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Table of contents
THE CONQUEST OF THE VENEREAL DISEASES-8.1
THE CONQUEST OF THE VENEREAL DISEASES-8.2
THE CONQUEST OF THE VENEREAL DISEASES-8.3
THE CONQUEST OF THE VENEREAL DISEASES-8.4
THE CONQUEST OF THE VENEREAL DISEASES-8.5
THE CONQUEST OF THE VENEREAL DISEASES-8.6
FOOTNOTES
SEXUAL MORALITY-9.1
SEXUAL MORALITY-9.2
SEXUAL MORALITY-9.3
SEXUAL MORALITY-9.4
SEXUAL MORALITY-9.5
SEXUAL MORALITY-9.6
SEXUAL MORALITY-9.7
SEXUAL MORALITY-9.8
SEXUAL MORALITY-9.9
MARRIAGE-10.1
MARRIAGE-10.2
MARRIAGE-10.3
MARRIAGE-10.4
MARRIAGE-10.5
MARRIAGE-10.6
MARRIAGE-10.7
MARRIAGE-10.8
MARRIAGE-10.9
MARRIAGE-10.10
MARRIAGE-10.11
MARRIAGE-10.12
FOOTNOTES
THE ART OF LOVE-11.1
THE ART OF LOVE-11.2
THE ART OF LOVE-11.3
THE ART OF LOVE-11.4
THE ART OF LOVE-11.5
THE ART OF LOVE-11.6
THE ART OF LOVE-11.7
THE ART OF LOVE-11.8
THE ART OF LOVE-11.9
THE ART OF LOVE-11.10
THE ART OF LOVE-11.11
FOOTNOTES
THE SCIENCE OF PROCREATION-12.1
THE SCIENCE OF PROCREATION-12.2
THE SCIENCE OF PROCREATION-12.3
THE SCIENCE OF PROCREATION-12.4
THE SCIENCE OF PROCREATION-12.5
THE SCIENCE OF PROCREATION-12.6
THE SCIENCE OF PROCREATION-12.7
THE SCIENCE OF PROCREATION-12.8
THE SCIENCE OF PROCREATION-12.9
FOOTNOTES
INDEX OF AUTHORS

together before the sexual act (Ploss and Bartels, _Das Weib_, 

Bd. i, Ch. XVII). The civilized man, however, has come to regard 

his stomach as the most important of his organs, and he utters 

his conventional grace, not before love, but only before food. 

Even the degraded ritual vestiges of the religious recognition of 

coitus are difficult to find in Europe. We may perhaps detect it 

among the Spaniards, with their tenacious instinct for ritual, in 

the solemn etiquette with which, in the seventeenth century, it 

was customary, according to Madame d'Aulnoy, for the King to 

enter the bedchamber of the Queen: "He has on his slippers, his 

black mantle over his shoulder, his shield on one arm, a bottle 

hanging by a cord over the other arm (this bottle is not to drink 

from, but for a quite opposite purpose, which you will guess). 

With all this the King must also have his great sword in one hand 

and a dark lantern in the other. In this way he must enter, 

alone, the Queen's chamber" (Madame d'Aulnoy, _Relation du Voyage 

d'Espagne_, 1692, vol. iii, p. 221). 

 

In discussing the art of love it is necessary to give a primary place to 

the central fact of coitus, on account of the ignorance that widely 

prevails concerning it, and the unfortunate prejudices which in their 

fungous broods flourish in the noisome obscurity around it. The traditions 

of the Christian Church, which overspread the whole of Europe, and set up 

for worship a Divine Virgin and her Divine Son, both of whom it 

elaborately disengaged from personal contact with sexuality effectually 

crushed any attempt to find a sacred and avowable ideal in married love. 

Even the Church's own efforts to elevate matrimony were negatived by its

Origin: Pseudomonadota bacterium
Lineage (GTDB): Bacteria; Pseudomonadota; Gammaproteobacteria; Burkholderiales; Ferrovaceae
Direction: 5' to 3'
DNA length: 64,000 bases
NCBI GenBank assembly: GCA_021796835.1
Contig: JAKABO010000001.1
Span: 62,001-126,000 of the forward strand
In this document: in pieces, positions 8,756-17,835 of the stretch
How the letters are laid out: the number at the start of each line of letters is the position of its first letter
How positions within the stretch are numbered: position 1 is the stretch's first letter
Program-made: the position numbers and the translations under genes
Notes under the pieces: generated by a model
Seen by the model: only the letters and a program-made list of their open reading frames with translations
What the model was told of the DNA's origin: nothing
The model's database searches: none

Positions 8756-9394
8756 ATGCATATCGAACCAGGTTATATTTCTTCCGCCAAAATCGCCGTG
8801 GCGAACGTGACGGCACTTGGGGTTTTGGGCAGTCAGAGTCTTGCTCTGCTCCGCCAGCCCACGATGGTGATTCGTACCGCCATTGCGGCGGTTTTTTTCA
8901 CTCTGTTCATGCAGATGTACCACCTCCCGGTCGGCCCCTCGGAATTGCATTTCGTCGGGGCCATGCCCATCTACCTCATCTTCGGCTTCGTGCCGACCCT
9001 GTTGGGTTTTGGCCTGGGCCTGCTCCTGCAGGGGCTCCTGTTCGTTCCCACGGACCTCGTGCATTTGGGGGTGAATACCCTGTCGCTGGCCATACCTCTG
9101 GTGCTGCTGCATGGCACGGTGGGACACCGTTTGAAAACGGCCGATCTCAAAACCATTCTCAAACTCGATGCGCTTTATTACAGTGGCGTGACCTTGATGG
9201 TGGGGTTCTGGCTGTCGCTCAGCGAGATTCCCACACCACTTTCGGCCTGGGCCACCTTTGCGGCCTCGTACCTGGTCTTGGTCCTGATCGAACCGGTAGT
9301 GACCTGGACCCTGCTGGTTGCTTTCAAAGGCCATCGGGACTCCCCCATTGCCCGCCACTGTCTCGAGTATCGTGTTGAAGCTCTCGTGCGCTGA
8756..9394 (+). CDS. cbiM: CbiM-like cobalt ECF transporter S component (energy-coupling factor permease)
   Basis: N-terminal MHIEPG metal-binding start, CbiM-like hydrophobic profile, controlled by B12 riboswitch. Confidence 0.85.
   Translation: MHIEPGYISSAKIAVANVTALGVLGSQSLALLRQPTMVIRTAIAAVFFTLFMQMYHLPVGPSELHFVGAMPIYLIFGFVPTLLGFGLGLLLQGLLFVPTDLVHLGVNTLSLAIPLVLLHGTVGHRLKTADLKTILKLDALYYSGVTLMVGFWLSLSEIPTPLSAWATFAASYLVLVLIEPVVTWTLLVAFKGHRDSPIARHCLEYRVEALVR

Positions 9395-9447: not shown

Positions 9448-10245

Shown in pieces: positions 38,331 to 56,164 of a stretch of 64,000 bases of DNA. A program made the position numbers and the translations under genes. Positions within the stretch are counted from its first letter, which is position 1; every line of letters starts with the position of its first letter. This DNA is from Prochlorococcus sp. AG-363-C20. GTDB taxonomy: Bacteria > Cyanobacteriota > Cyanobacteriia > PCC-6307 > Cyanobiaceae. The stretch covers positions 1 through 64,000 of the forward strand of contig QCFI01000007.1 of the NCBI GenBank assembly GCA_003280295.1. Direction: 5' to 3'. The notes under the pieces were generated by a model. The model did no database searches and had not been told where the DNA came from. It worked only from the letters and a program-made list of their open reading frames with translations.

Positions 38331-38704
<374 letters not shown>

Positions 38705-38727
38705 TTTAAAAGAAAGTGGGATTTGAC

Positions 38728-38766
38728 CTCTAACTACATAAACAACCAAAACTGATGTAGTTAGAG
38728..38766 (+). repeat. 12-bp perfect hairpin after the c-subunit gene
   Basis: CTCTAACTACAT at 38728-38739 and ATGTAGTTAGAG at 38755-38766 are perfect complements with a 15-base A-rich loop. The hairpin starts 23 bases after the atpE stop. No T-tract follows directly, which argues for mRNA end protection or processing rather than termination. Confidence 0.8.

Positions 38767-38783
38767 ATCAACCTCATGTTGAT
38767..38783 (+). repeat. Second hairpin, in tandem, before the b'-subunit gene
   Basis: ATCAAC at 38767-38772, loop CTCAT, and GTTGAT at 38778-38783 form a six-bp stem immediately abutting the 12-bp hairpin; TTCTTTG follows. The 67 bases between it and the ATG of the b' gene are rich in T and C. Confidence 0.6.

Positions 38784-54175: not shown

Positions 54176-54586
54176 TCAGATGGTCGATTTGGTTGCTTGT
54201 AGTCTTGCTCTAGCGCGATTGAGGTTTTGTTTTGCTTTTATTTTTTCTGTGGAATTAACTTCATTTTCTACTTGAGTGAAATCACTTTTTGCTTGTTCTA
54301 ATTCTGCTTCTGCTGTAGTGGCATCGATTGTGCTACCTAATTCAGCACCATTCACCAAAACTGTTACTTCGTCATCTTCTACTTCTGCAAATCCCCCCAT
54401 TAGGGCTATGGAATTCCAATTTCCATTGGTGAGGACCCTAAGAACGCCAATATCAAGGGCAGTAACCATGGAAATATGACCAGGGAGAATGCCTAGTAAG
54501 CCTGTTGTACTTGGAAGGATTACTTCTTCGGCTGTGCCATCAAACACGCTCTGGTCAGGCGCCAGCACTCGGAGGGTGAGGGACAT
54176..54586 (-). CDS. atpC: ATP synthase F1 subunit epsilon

own ideals. That influence depresses our civilization even to-day. When 

Walt Whitman wrote his "Children of Adam" he was giving imperfect 

expression to conceptions of the religious nature of sexual love which 

have existed wholesomely and naturally in all parts of the world, but had 

not yet penetrated the darkness of Christendom where they still seemed 

strange and new, if not terrible. And the refusal to recognize the 

solemnity of sex had involved the placing of a pall of blackness and 

disrepute on the supreme sexual act itself. It was shut out from the 

sunshine and excluded from the sphere of worship. 

 

The sexual act is important from the point of view of erotic art, not only 

from the ignorance and prejudices which surround it, but also because it 

has a real value even in regard to the psychic side of married life. 

"These organs," according to the oft-quoted saying of the old French 

physician, Ambrose Pare, "make peace in the household." How this comes 

about we see illustrated from time to time in Pepys's Diary. At the same 

time, it is scarcely necessary to say, after all that has gone before, 

that this ancient source of domestic peace tends to be indefinitely 

complicated by the infinite variety in erotic needs, which become ever 

more pronounced with the growth of civilization.[408] 

 

 

The art of love is, indeed, only beginning with the establishment of 

sexual intercourse. In the adjustment of that relationship all the forces 

of nature are so strongly engaged that under completely favorable 

conditions--which indeed very rarely occur in our civilization--the 

knowledge of the art and a possible skill in its exercise come almost of 

themselves. The real test of the artist in love is in the skill to carry 

it beyond the period when the interests of nature, having been really or 

seemingly secured, begin to slacken. The whole art of love, it has been 


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